He who wishes to be obeyed must know how to command
This post covers everything you need to know about how to create and interpret command lines for Windows programs.
I’ll go over how to quote and escape arguments including those that contain spaces, embedded quotes and special characters. I’ll explain how the command line is received and interpreted. I’ll point out specific situations where problems are likely to occur and give you some tools and techniques to ensure your programs always receive exactly the arguments you intended.
Understanding the command line is important, especially when you don’t have control over your program’s input. Arguments could come from a database or a directory listing, or be entered by a user of your software. The information here will help you correctly handle situations you didn’t anticipate and avoid having a program or script intermittently fail. I will point out the most common mistakes and explain what to do in those rare situations where there isn’t a clean solution.
Some of the information here comes from other sources as well as my own testing. I present a new way to think about the command line that I hope will eliminate some confusion about how double quote characters are interpreted by the command line parser.
That’s a lot of ground to cover, so I plan to present it over time in multiple posts. By the time I’m done you will thoroughly understand:
- What I mean by the terms quoting and escaping, and the different contexts where arguments need to be quoted or escaped
- How an executable program receives its command line and splits it into individual arguments
- How the command line is interpreted and modified by by cmd.exe before passing it to an executable program
- Batch file considerations
- Passing received arguments on to other programs and scripts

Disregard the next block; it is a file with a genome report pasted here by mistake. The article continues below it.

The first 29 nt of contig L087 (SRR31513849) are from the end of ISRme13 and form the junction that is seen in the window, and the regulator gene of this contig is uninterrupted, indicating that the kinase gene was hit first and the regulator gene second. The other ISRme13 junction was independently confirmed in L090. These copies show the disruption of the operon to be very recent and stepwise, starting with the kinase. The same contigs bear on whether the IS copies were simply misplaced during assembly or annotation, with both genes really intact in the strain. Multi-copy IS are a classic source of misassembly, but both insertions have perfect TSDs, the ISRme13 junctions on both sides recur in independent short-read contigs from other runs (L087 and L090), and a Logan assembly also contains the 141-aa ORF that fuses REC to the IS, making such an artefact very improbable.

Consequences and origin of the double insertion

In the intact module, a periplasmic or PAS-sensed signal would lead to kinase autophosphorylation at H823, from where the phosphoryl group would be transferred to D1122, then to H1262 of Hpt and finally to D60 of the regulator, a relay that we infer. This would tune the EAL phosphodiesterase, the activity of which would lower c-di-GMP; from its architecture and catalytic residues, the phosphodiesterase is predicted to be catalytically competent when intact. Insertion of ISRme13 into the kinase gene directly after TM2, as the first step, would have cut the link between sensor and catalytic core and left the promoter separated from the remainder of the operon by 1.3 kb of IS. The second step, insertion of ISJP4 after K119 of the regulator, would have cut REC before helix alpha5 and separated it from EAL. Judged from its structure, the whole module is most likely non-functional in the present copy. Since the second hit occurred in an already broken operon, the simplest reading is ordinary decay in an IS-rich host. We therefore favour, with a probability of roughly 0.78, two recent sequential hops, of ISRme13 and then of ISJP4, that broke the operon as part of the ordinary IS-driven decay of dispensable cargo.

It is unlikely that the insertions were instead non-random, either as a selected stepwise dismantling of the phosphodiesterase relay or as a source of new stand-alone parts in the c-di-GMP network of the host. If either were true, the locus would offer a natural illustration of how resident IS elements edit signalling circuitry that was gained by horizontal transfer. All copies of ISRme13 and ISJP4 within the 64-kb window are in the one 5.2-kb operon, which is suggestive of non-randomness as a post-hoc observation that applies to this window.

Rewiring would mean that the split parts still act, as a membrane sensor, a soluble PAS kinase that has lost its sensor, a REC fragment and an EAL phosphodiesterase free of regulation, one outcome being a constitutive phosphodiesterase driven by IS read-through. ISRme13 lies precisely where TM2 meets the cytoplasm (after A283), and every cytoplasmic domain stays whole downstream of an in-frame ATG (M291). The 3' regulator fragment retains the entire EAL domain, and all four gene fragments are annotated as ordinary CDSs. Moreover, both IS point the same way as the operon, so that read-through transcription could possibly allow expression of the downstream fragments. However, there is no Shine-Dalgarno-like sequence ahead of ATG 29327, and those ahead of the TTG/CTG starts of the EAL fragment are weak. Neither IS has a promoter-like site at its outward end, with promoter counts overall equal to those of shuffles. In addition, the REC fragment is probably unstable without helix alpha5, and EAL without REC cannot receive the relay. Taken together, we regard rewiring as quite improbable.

- The various problems and security risks that can occur and how to recognize and prevent them
I’ll also provide some free tools to help you do things the right way.
The following will help you understand this series better.
- I use the term “literal” to describe any text that is intended to be passed unchanged to an application. This is in contrast to special characters such as whitespace, used to separate arguments, or double quote [”] and escape [\, ^] meta characters that control parsing but are not passed to the application.
- When giving examples I needed a way to clearly show the content of a piece of text, especially if it has leading or trailing spaces. Enclosing these in quotes is ambiguous when the text itself contains the quote character. To avoid confusion I enclose literal strings inside square brackets:
[3 backslashes, followed by double quote: \\\”]
None of my sample text contains literal square brackets, so they always indicate the content of a literal string or a single character. Any quote character (single or double) or backslash that appears inside square brackets is always part of the sample text.
- I include images to help visualize how various example command lines are parsed. Hopefully they’re intuitive, but I included a description of the images. You can also click on any of the images to get to the description page
- This series of articles was written from the perspective of a C/C++ Windows programmer so there may be a noticible bias in the presentation. The information applies mainly to programs developed with Microsoft development tools (Visual Studio 2010) and which use the Microsoft standard runtime library.
Key points are marked with a red exclamation point